Our primary interest is to understand whether stroke and ischaemic brain injury cause neurodegeneration. This is currently being investigated in one of our major research projects, the NHMRC-funded, Cognition and Neocortical Volume After Stroke (CANVAS) Study, which is now in its fifth year of data collection. In this study, stroke participants undergo an MRI scan and cognitive assessment within a few weeks of their events, and again, 3 months, 1 year, 3 years, and 5 years later. By comparing their results with a healthy, age-matched control group with no history of stroke or dementia, we can determine whether brain volume change is associated with post-stroke dementia and elucidate potential causal mechanisms, including genetic markers, amyloid deposition and vascular risk factors.
Another interest of our lab is to examine the association between exercise and rates of brain volume loss and cognitive decline after stroke. In the Post Ischaemic Stroke Cardiovascular Exercise Study (PISCES), we seek to determine whether aerobic exercise after stroke is associated with preservation of brain volume and function, cognition, and greater physical and psychological well-being. One of the most important elements of this research study is its translatable novelty – our data will contribute to an applicable intervention-based approach.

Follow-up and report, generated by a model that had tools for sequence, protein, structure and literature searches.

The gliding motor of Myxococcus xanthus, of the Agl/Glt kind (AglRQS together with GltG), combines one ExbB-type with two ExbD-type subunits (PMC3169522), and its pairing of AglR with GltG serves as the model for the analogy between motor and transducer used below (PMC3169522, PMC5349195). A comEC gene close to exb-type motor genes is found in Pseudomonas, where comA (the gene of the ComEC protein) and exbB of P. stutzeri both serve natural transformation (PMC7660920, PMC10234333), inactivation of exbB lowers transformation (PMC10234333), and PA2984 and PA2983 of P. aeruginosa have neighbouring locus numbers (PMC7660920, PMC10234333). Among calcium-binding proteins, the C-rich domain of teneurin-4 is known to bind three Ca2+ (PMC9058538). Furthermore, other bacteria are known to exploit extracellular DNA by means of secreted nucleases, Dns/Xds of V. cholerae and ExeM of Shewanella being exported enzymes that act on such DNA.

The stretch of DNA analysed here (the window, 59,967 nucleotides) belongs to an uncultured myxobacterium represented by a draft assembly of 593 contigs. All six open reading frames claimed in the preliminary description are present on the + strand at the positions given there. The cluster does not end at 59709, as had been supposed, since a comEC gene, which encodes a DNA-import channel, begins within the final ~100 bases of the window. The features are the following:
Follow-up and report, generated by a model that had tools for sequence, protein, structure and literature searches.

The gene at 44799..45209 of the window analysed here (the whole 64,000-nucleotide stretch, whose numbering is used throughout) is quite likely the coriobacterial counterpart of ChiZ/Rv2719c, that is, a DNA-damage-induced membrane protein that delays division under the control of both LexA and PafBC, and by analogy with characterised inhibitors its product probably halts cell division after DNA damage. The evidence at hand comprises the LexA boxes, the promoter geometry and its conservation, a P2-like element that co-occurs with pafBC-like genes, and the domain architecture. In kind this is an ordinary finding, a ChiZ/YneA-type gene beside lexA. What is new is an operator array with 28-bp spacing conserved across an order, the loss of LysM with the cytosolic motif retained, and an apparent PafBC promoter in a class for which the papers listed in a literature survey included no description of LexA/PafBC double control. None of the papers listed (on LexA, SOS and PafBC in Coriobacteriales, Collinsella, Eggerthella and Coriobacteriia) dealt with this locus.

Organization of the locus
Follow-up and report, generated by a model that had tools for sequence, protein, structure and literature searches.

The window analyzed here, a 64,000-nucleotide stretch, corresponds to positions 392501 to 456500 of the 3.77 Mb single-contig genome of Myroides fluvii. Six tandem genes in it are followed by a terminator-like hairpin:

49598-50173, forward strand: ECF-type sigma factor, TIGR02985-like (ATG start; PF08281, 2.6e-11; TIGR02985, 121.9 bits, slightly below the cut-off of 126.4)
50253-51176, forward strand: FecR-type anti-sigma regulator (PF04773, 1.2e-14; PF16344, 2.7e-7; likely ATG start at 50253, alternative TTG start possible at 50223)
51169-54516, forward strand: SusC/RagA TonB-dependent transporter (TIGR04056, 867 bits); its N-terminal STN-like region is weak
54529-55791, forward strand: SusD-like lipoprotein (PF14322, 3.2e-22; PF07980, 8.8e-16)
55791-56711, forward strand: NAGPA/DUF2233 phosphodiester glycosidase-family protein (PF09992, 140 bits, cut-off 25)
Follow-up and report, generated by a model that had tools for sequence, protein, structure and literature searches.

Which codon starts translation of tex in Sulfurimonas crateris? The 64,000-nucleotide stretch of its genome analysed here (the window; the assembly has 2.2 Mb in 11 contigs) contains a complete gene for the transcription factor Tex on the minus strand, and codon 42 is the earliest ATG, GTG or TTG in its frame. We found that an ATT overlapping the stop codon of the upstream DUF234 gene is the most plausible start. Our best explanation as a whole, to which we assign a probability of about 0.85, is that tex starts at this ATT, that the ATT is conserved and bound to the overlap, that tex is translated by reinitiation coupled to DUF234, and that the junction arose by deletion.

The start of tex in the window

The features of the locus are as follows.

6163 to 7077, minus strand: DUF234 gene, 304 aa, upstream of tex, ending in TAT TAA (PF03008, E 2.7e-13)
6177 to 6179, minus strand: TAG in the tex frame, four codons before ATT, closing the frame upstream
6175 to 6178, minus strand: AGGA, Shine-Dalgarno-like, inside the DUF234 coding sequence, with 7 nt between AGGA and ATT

All Projects by this LabNetwork disruptions following brain infarction: cognition, behaviour and regional brain volume changeIs stroke neurodegenerative? A longitudinal study of changes in brain volume and cognition after stroke (CANVAS: Cognition And Neocortical Volume After Stroke)Evaluating Imaging Methods in Dementia (TIMID)Motor Speech Disorders in Degenerative Brain DiseaseBereavement and Grief in Neurodegenerative Disease (BAGINS)Post Ischaemic Stroke Cardiovascular Exercise Study (PISCES)
Melbourne Dementia Research Centre
The Melbourne Dementia Research Centre (MDRC) is a joint collaboration between the University of Melbourne and The Florey Institute of Neuroscience and Mental Health and has a charter to transform research in Dementia.
The Centre seeks to achieve real outcomes for people living with dementia by developing new and better diagnostics, and discovering novel treatment possibilities.
The MDRC is a truly multidisciplinary hub of research that spans from basic laboratory research all the way through to human clinical trials.
Through its network of global collaborators, the MDRC exists at the forefront of the latest developments in the field.
The Centre is led by Professor Ashley Bush, a world leader in dementia research and Australia’s most highly cited neuroscientist. Director Bush is supported by the Leadership Board comprising Professor Patricia Desmond, Associate Professor Amy Brodtmann, and Dr. Scott Ayton.